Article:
An Orthodox rabbi has apologised for suggesting that some of the Jewish victims of alleged child sex abuse in Sydney two decades ago may have consented.
Rabbi Boruch Lesches, former senior Chabad leader and now head of the Lubavitch community in Monsey, New York, said he "deeply regretted" remarks made on a legally recorded phone conversation obtained by Fairfax media and uploaded on YouTube.
In the recording, Lesches admits that he knew about the abuse of a 11-year-old boy when he was living in Australia, but told the alleged abuser to stay away from him instead of going to the police with the information.
The rabbi also told the perpetrator that if the abuse did not stop, both he and the boy would be sent away from the community. Finally, he said that boys at Sydney's Yeshiva Centre may have consented to sex abuse.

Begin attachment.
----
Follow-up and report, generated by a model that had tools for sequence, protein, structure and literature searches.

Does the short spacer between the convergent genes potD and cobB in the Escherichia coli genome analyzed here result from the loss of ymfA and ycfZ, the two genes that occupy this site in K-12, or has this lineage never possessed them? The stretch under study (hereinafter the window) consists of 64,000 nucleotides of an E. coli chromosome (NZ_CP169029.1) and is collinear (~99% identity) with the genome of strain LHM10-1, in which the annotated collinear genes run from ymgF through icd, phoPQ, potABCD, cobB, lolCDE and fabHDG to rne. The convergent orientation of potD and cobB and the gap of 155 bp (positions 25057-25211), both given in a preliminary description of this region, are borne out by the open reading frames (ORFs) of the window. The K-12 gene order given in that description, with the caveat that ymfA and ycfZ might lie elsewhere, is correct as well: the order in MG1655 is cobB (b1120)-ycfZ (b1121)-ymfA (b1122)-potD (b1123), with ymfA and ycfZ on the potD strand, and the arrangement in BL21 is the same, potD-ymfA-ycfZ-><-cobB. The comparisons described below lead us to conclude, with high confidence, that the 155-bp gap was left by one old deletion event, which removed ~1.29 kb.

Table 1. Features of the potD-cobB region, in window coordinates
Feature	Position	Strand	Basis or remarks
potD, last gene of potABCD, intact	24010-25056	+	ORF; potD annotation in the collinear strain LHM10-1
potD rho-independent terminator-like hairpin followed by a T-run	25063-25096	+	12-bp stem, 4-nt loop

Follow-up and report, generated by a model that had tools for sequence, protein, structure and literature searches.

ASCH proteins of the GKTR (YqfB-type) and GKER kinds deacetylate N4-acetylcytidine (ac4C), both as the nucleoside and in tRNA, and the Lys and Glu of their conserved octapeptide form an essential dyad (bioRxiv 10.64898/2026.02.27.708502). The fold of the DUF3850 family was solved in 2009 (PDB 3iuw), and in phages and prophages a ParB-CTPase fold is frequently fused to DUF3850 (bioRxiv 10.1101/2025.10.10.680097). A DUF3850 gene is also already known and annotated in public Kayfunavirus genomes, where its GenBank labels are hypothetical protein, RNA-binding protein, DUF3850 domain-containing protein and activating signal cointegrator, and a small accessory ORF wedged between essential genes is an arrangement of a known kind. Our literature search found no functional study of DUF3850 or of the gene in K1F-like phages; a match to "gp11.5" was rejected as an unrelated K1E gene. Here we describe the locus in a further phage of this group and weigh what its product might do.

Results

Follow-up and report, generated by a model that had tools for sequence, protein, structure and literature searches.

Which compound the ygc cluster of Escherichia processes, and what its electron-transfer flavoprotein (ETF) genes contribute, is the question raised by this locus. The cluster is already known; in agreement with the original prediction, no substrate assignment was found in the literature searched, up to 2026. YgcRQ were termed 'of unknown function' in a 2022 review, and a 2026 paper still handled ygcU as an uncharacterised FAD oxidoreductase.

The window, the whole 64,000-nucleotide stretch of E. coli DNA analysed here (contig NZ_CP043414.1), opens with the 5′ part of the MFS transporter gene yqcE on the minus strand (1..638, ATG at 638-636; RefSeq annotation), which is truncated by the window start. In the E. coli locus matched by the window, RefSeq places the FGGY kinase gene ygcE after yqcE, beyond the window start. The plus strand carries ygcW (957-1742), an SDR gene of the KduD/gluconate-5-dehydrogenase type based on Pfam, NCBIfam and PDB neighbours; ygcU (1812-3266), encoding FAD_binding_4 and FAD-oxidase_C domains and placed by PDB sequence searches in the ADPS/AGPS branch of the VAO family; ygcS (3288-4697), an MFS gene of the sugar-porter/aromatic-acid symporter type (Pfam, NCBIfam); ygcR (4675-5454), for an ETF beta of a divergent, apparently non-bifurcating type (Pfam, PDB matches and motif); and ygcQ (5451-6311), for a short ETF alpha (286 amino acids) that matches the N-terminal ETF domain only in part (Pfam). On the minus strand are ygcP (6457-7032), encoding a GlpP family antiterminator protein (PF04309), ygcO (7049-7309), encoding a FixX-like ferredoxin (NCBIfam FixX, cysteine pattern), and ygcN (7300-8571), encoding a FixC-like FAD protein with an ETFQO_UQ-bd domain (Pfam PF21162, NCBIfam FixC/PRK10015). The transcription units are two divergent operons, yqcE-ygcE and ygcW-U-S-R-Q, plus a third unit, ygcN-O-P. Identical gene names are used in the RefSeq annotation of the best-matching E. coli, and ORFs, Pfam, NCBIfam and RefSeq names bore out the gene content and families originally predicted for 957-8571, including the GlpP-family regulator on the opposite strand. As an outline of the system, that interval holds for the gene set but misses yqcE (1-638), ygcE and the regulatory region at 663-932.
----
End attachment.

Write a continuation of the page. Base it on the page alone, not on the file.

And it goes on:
"We are speaking about very young boys... everybody says about the other one that 'he agreed to this,'" Lesches said. When asked about young boys consenting, he said, "You would be surprised."
He defended his remark by saying that some non-Jewish boys, whom he called as "goyims," began acting or thinking sexually from as early as five years old. Teenagers from poor backgrounds also had "nothing else to do in life, only thinking 24 hours about sex" with each other, members of their own families, and even "dogs."
Lesches has apologised with a statement, saying that he "had no knowledge of the alleged charges claimed to have occurred some 25 years ago and discussed in the news report".
"I would like to apologise for statements made in a private telephone conversation that caused pain to the greater public.
"I am shocked to hear of these allegations, because I often entrusted my own young children to the care of the alleged perpetrator, without hesitation. I would never have done so had I known of the allegations," he said.